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Flooding Prevention Tips

Communities throughout Lake County experienced record-breaking rainfall and flash flooding on Saturday, October 14, 2017 topping creeks and rivers, and flooding streets.  Several roads were closed and there were reports of flooded basements. Public Works staff, Police and Fire Personnel in cooperation with the City Manager's Office responded to public safety concerns and emergencies. The ground was already saturated from the persistent rainfall on Thursday, October 12, 2017 and Friday, October 13, 2017 and the additional 4 inches of rain on Saturday, October 14 had an intensified effect on the Skokie River and Middle Fork resulting in overtopping banks, sewers surcharging and street flooding. The rainfall on Saturday, October 14 broke the record for the wettest day in recent history.

“The recent storms in Highland Park have created a frustrating and challenging experience for our community,” stated Mayor Nancy Rotering. “Long-term flood mitigation is a priority in our hometown and region. Flooding related to extreme weather will not be going away nationwide or in our own backyard without coordinated efforts. We are taking the lead.”

Mayor Rotering has requested Congressman Brad Schneider, the Army Corps of Engineers (ACOE), and Lake County Board Chairman Aaron Lawlor coordinate a public meeting with the municipalities along the Skokie River and Middle Fork to address flood recovery efforts and implement additional stormwater management plans in response to the severe flooding that have impacted Highland Park and other communities throughout Lake County.

Since July, the Mayor and staff have met with staff met with representatives from the Lake County Stormwater Management Commission (LCSMC), the Metropolitan Water Reclamation District of Greater Chicago (MWRDGC), Village of Northbrook, Village of Deerfield, and the Chicago Botanic Garden (CBG), the Red Cross, and the Army Corps of Engineers to explore and advance flood mitigation solutions following the July 11-12 storm that devastated parts of Highland Park and dozens of communities throughout Lake County. Several possible flood mitigation solutions have been reviewed to-date and exhausted. A regional study is necessary to best meet the needs of our community, which will require cooperation from entities along the two rivers.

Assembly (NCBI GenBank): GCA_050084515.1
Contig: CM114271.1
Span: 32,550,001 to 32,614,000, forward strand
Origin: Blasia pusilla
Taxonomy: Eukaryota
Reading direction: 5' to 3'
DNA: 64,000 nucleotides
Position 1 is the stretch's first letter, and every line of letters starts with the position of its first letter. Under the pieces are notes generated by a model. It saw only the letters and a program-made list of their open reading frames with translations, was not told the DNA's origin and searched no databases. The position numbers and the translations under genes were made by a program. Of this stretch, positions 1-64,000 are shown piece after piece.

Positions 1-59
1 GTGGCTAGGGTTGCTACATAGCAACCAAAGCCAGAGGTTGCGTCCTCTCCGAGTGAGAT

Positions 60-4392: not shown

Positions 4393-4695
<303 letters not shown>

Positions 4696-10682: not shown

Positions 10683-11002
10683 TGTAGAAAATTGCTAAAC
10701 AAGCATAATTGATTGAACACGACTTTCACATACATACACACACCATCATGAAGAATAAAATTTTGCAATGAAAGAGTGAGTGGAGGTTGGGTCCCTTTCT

The City will continue to issue communication alerts via its electronic newsletter, website and social media. Residents are encouraged to sign up for the City eNews and the City’s emergency notification system by visiting www.cityhpil.com/signup.  

 For additional information please contact the City Manager’s Office at 847.926.1000.

Frequently Asked Questions 
Storm Recovery Efforts - What is the City doing? 
Public Works staff, Police and Fire Personnel in cooperation with the City Manager's Office responded to public safety concerns and emergencies.

Mayor Nancy R. Rotering has requested Congressman Brad Schneider, the Army Corps of Engineers (ACOE), and Lake County Board Chairman Aaron Lawlor coordinate a meeting with the municipalities along the Skokie River and Middle Fork to address flood recovery efforts and implement additional stormwater management plans in response to the severe flooding that has impacted Highland Park and other communities throughout Lake County.

The Mayor and City staff met with representatives from Lake County Emergency Management Agency, State of Illinois Emergency Management Agency, Red Cross, neighboring municipalities and numerous other Lake County agencies and organizations throughout July to explore and advance flood mitigation solutions following the July 11-12 storm that devastated parts of Highland Park and dozens of communities throughout Lake County. Several possible solutions have been reviewed and exhausted including Lake County’s Flood Mitigation Assistance program (home buyouts), localized storage reservoir solution efforts in cooperation with Lake County, and dredging the Skokie River. The Chicago Botanic Garden (CBG) confirmed that even though the property stores over 100 million gallons of floodwater during storm events, no further flood mitigation is available and there is no mechanism in place to assist with flood mitigation efforts during storm events. A regional study will be needed to best meet the needs of our community, which will require cooperation from entities along the two rivers.